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Leaders are not "better" or "worse" accordingly to how many they killed.
Hitler killed jews, homossexuals, communists, social-democrats, POW's of war and caused WW2
Stalin killed criminals, reactionaries, communists, minorities which sided with the nazis and any germans they found.
The argument is pointless without a useful definition of "better" in this context.
The new definition of better is now "better at dancing". Who was better at dancing?
They didn't kill all these people, you have some hiperinflated casualties there.
Hitler caused the "unlawful" (Our of the rules of war) death of ~12 millions during WW2, while Stalin killed a few thousand of political prisioners and caused the death of ~7 million of minorities and criminals.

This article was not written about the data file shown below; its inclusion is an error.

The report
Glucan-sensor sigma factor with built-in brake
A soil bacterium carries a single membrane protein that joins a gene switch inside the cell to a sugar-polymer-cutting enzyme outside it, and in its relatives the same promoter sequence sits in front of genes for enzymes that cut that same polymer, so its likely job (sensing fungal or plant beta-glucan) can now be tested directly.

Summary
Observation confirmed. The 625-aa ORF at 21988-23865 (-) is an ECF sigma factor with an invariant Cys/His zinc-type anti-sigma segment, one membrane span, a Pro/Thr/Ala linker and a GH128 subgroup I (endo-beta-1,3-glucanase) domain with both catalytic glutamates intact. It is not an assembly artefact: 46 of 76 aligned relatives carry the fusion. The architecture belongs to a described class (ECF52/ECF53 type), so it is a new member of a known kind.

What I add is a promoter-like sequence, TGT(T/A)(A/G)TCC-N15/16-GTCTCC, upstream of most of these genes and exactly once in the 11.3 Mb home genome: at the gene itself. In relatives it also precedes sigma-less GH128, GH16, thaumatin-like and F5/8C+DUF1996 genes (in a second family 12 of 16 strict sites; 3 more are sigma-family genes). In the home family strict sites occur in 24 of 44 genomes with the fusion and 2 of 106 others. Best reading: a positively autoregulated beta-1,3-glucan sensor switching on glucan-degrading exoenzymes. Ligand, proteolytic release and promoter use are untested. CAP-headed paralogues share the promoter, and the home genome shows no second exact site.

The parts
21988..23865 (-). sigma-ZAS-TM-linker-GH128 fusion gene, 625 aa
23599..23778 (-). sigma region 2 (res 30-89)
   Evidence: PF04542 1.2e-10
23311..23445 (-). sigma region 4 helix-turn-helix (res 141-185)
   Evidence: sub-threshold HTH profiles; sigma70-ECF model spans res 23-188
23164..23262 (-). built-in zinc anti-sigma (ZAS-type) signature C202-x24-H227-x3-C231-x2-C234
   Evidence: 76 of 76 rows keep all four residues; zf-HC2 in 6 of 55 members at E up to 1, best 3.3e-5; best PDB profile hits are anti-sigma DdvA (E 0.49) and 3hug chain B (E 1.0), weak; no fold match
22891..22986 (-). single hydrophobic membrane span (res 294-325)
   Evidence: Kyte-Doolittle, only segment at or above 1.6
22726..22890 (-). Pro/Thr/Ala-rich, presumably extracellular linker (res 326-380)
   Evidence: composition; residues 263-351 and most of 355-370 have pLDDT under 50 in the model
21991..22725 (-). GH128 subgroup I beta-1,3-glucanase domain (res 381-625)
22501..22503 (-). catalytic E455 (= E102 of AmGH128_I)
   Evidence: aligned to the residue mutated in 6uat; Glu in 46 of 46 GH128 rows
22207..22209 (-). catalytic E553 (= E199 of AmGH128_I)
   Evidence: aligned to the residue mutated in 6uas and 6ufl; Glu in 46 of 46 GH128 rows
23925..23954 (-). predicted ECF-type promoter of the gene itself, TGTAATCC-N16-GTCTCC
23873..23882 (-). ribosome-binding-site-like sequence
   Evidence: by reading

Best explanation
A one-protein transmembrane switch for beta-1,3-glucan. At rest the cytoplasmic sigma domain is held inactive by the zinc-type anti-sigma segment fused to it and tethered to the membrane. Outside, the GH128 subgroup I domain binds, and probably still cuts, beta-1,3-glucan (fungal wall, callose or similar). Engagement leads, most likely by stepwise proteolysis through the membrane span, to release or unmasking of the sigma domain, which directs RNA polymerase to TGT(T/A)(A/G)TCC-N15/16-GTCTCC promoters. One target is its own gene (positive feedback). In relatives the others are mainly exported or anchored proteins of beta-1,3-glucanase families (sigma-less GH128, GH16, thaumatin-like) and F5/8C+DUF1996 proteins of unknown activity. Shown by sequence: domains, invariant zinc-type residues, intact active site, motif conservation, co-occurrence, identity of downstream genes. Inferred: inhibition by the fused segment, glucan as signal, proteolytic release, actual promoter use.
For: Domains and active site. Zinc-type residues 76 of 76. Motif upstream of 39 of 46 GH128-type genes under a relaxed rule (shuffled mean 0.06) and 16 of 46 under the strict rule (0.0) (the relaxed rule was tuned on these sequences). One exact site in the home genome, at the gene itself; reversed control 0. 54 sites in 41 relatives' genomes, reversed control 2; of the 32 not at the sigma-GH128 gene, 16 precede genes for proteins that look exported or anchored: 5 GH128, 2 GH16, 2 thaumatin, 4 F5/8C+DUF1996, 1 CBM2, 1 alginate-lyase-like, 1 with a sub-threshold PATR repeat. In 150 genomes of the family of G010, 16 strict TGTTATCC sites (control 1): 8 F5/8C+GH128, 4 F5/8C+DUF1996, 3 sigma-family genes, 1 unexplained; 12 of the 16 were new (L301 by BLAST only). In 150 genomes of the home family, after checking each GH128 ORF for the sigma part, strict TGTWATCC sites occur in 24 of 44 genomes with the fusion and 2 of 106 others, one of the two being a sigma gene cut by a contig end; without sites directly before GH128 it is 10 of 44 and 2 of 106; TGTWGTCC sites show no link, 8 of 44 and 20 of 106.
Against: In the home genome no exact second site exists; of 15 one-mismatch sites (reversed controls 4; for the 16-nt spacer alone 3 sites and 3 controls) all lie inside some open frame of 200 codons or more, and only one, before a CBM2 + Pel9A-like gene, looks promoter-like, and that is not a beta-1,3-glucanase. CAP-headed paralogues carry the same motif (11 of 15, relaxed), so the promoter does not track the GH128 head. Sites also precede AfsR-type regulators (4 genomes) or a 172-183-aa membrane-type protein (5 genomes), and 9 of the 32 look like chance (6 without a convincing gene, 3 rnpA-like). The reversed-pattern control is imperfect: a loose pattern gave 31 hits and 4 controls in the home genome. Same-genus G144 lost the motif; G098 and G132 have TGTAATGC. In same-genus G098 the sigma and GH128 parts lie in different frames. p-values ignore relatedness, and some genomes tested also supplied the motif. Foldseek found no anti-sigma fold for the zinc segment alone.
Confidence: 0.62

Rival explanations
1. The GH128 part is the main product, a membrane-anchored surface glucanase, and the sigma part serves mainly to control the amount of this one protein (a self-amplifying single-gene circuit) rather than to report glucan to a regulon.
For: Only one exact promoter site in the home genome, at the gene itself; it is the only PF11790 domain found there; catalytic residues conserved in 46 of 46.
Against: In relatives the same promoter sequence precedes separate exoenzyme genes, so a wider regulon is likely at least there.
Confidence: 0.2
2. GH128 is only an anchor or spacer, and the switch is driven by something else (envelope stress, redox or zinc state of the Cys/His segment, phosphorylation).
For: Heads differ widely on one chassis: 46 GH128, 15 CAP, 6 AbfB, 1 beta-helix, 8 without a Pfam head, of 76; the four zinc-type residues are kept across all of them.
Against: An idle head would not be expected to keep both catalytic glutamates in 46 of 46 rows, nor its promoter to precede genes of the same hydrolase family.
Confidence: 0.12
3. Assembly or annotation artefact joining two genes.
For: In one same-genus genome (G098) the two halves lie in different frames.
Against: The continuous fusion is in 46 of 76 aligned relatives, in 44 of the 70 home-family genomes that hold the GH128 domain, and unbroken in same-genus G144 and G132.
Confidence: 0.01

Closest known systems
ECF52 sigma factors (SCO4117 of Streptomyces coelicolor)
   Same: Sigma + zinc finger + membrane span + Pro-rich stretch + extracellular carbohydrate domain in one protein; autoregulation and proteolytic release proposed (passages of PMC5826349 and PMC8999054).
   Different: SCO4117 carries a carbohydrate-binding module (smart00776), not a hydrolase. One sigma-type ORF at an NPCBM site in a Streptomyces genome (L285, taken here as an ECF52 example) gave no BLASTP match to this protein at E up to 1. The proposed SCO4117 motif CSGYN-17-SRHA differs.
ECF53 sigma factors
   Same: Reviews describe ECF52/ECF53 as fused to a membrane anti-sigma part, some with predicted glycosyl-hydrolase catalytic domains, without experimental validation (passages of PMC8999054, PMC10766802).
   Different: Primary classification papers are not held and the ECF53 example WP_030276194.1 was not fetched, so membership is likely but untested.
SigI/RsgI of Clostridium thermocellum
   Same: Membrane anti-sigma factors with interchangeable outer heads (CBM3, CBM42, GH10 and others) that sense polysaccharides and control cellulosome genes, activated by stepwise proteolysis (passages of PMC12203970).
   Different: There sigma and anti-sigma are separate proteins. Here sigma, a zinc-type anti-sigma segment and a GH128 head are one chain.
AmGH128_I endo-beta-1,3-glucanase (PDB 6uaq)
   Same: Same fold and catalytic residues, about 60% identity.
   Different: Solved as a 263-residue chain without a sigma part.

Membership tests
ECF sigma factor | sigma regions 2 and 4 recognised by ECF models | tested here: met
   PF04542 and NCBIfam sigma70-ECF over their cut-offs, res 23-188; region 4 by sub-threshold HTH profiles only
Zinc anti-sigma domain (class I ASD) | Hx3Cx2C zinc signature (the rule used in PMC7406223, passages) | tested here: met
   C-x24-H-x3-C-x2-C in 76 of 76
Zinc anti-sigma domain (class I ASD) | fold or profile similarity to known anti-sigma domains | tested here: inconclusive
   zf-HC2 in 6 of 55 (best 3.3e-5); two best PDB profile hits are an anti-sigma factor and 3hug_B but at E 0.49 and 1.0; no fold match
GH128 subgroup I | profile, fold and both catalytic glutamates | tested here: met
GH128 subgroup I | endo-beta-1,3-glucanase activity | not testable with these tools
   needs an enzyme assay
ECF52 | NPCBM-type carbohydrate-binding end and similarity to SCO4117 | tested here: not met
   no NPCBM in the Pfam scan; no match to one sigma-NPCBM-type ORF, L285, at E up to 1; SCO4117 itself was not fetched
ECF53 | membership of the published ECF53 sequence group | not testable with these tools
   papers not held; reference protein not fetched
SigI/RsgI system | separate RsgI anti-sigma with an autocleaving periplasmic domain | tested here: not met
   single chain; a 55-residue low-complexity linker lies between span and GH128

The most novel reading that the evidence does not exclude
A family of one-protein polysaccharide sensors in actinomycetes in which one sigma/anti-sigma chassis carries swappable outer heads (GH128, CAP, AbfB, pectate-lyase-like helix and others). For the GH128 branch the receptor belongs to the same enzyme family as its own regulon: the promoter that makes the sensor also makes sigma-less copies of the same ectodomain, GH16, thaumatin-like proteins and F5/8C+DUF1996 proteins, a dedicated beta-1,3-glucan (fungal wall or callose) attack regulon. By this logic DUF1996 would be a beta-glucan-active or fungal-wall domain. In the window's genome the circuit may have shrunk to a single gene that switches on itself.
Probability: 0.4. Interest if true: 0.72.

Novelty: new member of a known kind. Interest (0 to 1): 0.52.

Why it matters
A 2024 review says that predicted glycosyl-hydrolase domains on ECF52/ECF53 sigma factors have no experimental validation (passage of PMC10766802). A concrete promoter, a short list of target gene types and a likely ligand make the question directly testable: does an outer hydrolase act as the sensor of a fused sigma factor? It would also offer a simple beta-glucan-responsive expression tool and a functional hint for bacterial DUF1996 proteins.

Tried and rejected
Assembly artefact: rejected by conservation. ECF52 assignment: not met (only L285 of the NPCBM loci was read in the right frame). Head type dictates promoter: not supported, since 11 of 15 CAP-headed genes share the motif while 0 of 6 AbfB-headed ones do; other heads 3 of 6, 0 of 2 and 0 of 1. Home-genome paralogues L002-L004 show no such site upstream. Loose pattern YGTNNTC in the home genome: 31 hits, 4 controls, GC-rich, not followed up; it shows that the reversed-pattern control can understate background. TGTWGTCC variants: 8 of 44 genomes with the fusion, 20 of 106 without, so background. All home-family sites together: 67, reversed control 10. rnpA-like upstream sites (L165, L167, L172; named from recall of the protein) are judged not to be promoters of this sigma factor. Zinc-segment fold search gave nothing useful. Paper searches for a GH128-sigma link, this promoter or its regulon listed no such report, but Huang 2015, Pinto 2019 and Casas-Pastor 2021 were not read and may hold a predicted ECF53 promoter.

One was a communist -a bloody dictator still, and the other was a racist
Stalin didn't have anything near dictatorial power. That's attributable more to cult of personality than historical fact. Legislative authority rested in the Supreme Soviet, which consisted of approx. 2000 members with an equal vote. Even the Central Committee always had more than 33 people.
More people died as a result of Hitler's decisions (Around 60 million), than they did under Stalin (Around 40 million).
This comparison overlaps. Russia's casualties in WWII are attributed to both, making this a strange comparison. Realistically, only Germany's casualties (and possibly Austria's) should be attributed to Hitler, not that of every nation involved.
My argument is that by invading Poland, Hitler pushed the world into conflict and as a result, you could attribute the losses of all sides to his action, at least in the European theatre. I can see your point though, and I can see why my point is a bit shaky.